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Stanley Cup Final

Pekka Rinne not saying if he will start Game 3 of Cup Final

He or Juuse Saros will play against Penguins with Nashville at home trailing series

by Tom Gulitti @tomgulittinhl / Staff Writer

NASHVILLE -- Pekka Rinne said Friday he knows which goaltender will start for the Nashville Predators in Game 3 of the Stanley Cup Final against the Pittsburgh Penguins at Bridgestone Arena on Saturday (8 p.m. ET; NBCSN, CBC, SN, TVA Sports).

What Rinne won't say is whether it's him.

"I'm going to keep it a secret," he said after practice Friday.

Despite that, signs point to Rinne returning to the net after getting pulled 3:28 into the third period of a 4-1, Game 2 loss Wednesday. Rinne spoke like he is preparing to play and is eager to rebound.

Nashville trails the best-of-7 series 2-0, and Rinne has allowed eight goals.


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"The last two games haven't gone the way I wanted them to go, and I know the stakes are high, it's [the Final] and everything, but I'm still feeling confident," Rinne said. "I feel comfortable out there and do the same preparations as I always do before the games."

Predators coach Peter Laviolette declined for the third day in a row to name his Game 3 goaltender -- "We don't talk about lineup decisions" -- but a clue might have come from backup Juuse Saros, who said he hasn't been told if he or Rinne will start.

"I don't know anything about that," Saros said.

Laviolette said Thursday the goalies know who will start. If it were Saros, Laviolette probably would have told the 22-year-old rookie, whose relief appearance in Game 2 was his Stanley Cup Playoff debut.

Saros, like the rest of the Predators, expressed confidence that Rinne will return to the form that helped them get this far.

"I feel like he's the same Pekka that he's been the whole season, the whole playoffs," Saros said. "So no difference in that."

Rinne, 34, was 12-4 with a 1.70 goals-against average, .941 save percentage and two shutouts in the first three rounds of the playoffs, but gave up eight goals on 36 shots for a .778 save percentage in the first two games against the Penguins. He was the victim of some bad luck, with two goals bouncing in off a teammate.

Video: Preds' game plan after two bad starts from Rinne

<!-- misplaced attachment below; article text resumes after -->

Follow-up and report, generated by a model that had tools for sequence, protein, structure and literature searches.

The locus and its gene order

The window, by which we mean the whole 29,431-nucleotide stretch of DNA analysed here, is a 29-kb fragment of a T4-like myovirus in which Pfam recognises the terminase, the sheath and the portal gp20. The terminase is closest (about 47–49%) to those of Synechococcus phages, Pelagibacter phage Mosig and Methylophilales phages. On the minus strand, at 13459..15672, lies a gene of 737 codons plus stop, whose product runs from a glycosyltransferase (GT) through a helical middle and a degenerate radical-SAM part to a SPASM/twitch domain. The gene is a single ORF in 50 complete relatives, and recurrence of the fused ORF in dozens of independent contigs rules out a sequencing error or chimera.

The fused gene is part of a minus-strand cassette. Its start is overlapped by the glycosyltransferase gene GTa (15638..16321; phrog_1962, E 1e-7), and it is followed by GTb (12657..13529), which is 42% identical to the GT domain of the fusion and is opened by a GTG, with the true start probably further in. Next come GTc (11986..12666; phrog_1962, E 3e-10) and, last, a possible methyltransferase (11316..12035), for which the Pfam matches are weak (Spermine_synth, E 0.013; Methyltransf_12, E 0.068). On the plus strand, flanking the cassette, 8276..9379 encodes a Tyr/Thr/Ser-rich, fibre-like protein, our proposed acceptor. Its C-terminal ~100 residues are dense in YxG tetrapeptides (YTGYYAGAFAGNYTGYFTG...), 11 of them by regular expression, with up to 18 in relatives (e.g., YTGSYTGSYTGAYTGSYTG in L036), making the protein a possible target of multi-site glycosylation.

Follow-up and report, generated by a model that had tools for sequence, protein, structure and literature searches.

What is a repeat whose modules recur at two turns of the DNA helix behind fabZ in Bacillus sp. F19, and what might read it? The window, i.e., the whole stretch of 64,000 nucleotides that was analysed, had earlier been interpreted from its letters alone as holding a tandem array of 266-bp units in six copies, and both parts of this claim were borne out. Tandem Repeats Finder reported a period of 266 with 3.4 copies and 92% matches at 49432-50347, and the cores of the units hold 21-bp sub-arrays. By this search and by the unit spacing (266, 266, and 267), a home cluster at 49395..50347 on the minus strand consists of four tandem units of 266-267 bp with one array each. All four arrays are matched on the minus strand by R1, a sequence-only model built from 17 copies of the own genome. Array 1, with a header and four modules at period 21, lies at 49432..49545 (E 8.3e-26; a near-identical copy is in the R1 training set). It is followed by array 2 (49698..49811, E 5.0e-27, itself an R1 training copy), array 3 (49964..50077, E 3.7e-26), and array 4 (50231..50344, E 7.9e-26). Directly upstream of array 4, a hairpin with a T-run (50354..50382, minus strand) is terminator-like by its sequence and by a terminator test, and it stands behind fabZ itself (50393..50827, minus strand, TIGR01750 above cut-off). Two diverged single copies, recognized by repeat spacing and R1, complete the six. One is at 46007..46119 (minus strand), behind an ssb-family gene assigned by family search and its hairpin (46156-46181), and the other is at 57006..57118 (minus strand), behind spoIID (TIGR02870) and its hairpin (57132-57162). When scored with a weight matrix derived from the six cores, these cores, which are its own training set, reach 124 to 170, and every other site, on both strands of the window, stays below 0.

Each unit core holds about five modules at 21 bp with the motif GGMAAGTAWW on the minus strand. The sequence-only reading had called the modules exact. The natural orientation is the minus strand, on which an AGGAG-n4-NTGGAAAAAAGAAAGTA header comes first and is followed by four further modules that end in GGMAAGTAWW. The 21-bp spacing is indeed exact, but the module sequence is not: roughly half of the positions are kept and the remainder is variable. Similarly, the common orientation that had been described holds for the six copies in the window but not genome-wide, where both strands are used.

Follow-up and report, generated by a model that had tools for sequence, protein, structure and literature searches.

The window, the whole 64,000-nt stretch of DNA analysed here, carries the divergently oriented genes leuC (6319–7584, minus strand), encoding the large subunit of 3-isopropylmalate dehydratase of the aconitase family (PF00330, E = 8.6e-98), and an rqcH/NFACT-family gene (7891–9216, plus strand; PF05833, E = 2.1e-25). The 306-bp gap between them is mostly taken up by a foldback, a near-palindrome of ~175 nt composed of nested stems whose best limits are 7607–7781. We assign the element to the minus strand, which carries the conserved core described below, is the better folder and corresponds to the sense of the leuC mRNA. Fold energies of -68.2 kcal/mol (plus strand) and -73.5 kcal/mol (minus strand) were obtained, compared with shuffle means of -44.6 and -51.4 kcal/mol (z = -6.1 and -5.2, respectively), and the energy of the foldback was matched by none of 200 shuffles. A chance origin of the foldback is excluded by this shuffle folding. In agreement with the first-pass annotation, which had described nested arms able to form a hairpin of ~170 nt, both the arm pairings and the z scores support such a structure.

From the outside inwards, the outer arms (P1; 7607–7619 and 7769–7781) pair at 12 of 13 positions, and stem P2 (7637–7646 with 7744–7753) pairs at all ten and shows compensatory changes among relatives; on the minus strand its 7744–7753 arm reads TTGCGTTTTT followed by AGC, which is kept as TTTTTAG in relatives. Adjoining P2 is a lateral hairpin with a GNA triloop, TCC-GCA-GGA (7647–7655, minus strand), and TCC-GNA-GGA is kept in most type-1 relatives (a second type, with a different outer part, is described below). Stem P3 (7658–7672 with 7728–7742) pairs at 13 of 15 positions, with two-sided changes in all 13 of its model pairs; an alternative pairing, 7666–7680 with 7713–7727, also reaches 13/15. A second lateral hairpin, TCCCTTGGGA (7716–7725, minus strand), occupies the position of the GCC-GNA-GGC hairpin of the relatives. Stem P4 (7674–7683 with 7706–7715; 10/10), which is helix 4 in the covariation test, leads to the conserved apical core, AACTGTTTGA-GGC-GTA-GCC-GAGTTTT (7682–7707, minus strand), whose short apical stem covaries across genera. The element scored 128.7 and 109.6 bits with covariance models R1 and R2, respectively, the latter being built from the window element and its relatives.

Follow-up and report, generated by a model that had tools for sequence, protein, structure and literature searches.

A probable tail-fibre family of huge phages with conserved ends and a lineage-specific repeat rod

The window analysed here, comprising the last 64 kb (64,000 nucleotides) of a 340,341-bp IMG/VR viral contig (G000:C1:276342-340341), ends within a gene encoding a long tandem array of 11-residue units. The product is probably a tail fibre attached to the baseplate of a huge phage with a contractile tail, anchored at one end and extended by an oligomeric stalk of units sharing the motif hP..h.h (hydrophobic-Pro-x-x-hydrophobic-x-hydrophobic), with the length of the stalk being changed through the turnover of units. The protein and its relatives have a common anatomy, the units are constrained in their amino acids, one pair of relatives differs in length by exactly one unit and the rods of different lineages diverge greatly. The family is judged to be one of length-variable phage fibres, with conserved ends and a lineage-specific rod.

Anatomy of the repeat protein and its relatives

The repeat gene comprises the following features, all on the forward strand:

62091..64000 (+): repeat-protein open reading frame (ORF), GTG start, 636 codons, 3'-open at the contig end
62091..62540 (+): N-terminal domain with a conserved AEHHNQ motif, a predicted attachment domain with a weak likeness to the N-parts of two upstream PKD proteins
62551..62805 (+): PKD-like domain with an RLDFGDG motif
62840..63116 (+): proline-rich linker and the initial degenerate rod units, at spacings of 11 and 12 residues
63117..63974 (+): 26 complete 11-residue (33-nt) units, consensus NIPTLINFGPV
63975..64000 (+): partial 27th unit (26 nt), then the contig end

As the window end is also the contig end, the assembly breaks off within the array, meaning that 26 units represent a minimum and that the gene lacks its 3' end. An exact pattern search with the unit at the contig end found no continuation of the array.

He also appeared to struggle with his positioning at times in Game 2. Rinne left a small opening between his glove and left thigh that allowed Jake Guentzel's shot at the right post to sneak in for the tying goal in the first period and later gave up a big rebound on Bryan Rust's harmless-looking shot from the right circle that led to Guentzel's game-winner 10 seconds into the third period.

Rinne conceded there are some areas he needs to clean up, but the most important thing he needs to do is move on mentally and not let what went wrong in Game 2 carry over into Game 3.

"You just do your best to put it behind you," Rinne said. "Of course, you think about things and you go through the games and different situations and you try to be better and learn from it and be ready for the next one. But that's the mindset. I think you think about this as an opportunity and as a chance to regroup and get back to playing at the level where I feel I'm able to play."

Rinne's 7-1 record, 1.54 GAA and .947 save percentage at Bridgestone Arena this postseason support the Predators' belief.

"He's one of the best goaltenders in the League, so he's the last of our worries, that's for sure," defenseman P.K. Subban said. "When the occasion comes and he's got to step up he's always there, so there's no question he'll be there." 

The Predators have played well and controlled play for long stretches but they've also had numerous breakdowns that have led to odd-man rushes and quality scoring chances against them.

"[Pekka] knows that it's not him. It's what we're doing," defenseman Ryan Ellis said. "We're giving up two 2-on-1s back to back, and we're giving up chances that we can't be giving up against a team like this. We can't expect him to make every save whether they have a ton of shots or little shots. It doesn't matter. It's the quality of the chances, and I think we need to do a better job as a group to limit those.

"[Rinne] knows and we'll add our two cents to, I guess, just to have him know we support him."

Rinne said he appreciates that support but scoffed at the notion he needed cheering up, saying, "Every question [from the media] is like somebody died or something."

"I don't want to sit here and talk about all the time how I'm going to get back," he said. "I mean, it's been a great playoff run. It's been a great playoff season."

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